Apart from navigating leadership styles, internal communicators also need to periodically review and curate channels that leaders use. Leaders’ channel preferences (email, face-to-face, social or video) often vary by their personality types.
As a leader’s communication matures over time and audiences express different expectations of what they prefer receiving, there are opportunities for the internal communicator to revisit, renew, relaunch and revitalize existing channels. Irrespective of the channel used, the following guiding principles can help re-shape objectives and outcomes; inclusive, timely, measurable, engaging and meaningful.
Here are some ideas to make your organization’s leader channel more relevant and in tune with the times.
1. Voice of the employee: Give visibility to staff who engage on the company’s strategy or key initiatives. Cover success stories of employee ambassadors and how they feel about being part of the organization. The leader can choose to interview an individual or a team and feature it in the channel.
2. Dialogue with managers: Once a fortnight (or whatever frequency works for the channel/staff), you can have managers talk of work they are most proud of and how they are living the values each day. Have a chat show, an online interview or a podcast based on the level of comfort your leader has with available formats.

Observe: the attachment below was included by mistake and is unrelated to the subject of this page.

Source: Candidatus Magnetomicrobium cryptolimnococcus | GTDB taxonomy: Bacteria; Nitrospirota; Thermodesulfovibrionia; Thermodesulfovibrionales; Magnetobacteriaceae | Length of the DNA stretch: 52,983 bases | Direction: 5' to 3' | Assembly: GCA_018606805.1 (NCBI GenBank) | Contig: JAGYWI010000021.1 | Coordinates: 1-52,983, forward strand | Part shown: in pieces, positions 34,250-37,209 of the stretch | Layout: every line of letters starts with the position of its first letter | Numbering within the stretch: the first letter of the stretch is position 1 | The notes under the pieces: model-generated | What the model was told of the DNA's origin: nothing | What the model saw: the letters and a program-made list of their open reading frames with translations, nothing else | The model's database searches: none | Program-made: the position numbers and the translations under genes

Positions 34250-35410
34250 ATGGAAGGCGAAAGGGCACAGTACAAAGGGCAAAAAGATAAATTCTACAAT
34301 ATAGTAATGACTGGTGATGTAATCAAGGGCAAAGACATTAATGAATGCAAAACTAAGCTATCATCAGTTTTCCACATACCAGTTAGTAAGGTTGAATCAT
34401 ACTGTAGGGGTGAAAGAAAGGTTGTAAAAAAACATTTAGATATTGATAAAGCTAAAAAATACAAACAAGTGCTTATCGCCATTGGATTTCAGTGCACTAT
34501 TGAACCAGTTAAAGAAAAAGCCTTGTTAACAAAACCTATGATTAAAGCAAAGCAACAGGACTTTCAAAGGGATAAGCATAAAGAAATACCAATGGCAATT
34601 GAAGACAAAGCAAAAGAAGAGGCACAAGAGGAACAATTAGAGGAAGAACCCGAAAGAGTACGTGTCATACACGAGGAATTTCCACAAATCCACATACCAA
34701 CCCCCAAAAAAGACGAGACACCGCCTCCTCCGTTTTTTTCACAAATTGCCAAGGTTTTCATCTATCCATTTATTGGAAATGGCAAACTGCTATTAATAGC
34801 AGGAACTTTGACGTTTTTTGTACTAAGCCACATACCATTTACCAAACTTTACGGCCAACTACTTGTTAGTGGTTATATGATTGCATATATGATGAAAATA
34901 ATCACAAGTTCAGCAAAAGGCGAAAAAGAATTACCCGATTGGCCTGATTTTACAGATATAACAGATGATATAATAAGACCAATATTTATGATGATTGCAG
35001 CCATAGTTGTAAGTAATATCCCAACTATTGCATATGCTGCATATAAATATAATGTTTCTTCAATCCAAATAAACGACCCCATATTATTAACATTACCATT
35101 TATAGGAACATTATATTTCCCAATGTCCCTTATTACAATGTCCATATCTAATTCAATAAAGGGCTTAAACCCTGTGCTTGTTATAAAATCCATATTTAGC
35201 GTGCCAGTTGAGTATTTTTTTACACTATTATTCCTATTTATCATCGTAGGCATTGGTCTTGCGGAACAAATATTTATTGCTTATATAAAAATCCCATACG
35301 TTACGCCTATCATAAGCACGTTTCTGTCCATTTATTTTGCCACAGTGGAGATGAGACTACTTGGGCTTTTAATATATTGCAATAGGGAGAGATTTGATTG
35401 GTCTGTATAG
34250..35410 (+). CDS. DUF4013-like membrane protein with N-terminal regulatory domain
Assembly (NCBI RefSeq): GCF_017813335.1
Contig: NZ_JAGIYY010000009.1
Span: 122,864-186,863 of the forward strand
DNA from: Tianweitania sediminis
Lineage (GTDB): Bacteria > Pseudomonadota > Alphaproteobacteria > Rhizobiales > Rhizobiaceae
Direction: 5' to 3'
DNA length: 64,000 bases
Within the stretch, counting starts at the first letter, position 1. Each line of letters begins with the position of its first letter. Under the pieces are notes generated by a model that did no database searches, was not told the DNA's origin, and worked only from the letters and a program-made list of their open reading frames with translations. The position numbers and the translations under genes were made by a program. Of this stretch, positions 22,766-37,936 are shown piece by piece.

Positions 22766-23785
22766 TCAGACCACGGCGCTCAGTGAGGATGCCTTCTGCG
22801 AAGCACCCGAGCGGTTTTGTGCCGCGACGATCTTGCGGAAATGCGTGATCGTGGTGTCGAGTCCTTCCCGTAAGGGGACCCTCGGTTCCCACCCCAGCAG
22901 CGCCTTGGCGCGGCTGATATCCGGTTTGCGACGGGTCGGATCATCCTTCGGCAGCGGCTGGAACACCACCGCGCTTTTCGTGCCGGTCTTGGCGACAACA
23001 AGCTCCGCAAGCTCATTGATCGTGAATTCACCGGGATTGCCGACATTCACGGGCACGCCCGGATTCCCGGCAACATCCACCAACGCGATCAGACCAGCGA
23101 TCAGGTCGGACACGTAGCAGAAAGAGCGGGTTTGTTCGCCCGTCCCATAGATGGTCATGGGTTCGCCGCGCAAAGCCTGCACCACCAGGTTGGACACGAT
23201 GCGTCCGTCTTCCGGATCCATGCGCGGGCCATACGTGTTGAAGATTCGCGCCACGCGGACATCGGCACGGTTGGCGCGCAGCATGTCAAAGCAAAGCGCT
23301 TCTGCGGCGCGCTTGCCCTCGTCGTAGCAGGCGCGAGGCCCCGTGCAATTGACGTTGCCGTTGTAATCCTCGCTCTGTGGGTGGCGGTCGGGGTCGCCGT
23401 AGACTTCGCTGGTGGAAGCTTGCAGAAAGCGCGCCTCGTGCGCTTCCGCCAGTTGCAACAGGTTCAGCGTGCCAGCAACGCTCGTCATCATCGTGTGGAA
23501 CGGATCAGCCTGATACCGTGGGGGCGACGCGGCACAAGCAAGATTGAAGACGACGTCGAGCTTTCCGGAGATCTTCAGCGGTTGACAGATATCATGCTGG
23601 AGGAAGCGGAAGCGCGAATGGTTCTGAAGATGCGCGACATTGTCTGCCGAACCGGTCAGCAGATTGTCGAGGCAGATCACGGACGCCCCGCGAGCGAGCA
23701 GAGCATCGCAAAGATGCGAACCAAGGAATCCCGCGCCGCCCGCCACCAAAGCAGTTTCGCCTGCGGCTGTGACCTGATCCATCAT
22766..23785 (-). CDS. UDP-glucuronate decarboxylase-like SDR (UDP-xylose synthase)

3. Spotlight on families: Make the channel a vehicle for recognition – going beyond the workplace. Be it how families play an integral role in the organization’s contribution to the community or staff on the front-lines who win new customers and provide great service – there are always winners to showcase.
To take the channel to next level you can consider:
4. Flipping the format: Make your employees the channel hosts! Run a contest to select the presenters. Have them interview the leader in a freewheeling conversation. Or have a focus group live on your channel – be it on a enterprise social network or face-to-face, these formats can be very engaging.
5. Having an outside-in view: You can decide to ‘invite’ a set of industry experts, say from the same domain or a completely different occupation and get the leader to engage them. Reference a recent survey or a study done and what do these polls mean for real customers. Invite customers to the show, if it is allowed. These options can generate a lot of interest.
6. Inviting stakeholder viewpoints: You may want to empower the leader to capture photos and snippets during ongoing conversations with stakeholders – be it a visit to a charity that your organization supports or a client whom your business recently won. A message recorded (with relevant permissions) and played back with some context added in for good measure, will be appreciated.
As the channel matures and there is a wealth of content available, create a repository from which internal teams can draw leadership nuggets and insights. These come in handy for integrating new hires or while creating recruitment marketing kits.
Making leader channels sticky over time needs creative ideas and thoughtful execution. The goal is to sustain interest among your audiences and drive connection in ways that matter.
How have you refreshed your leader’s internal channel of communication? Share your ideas here.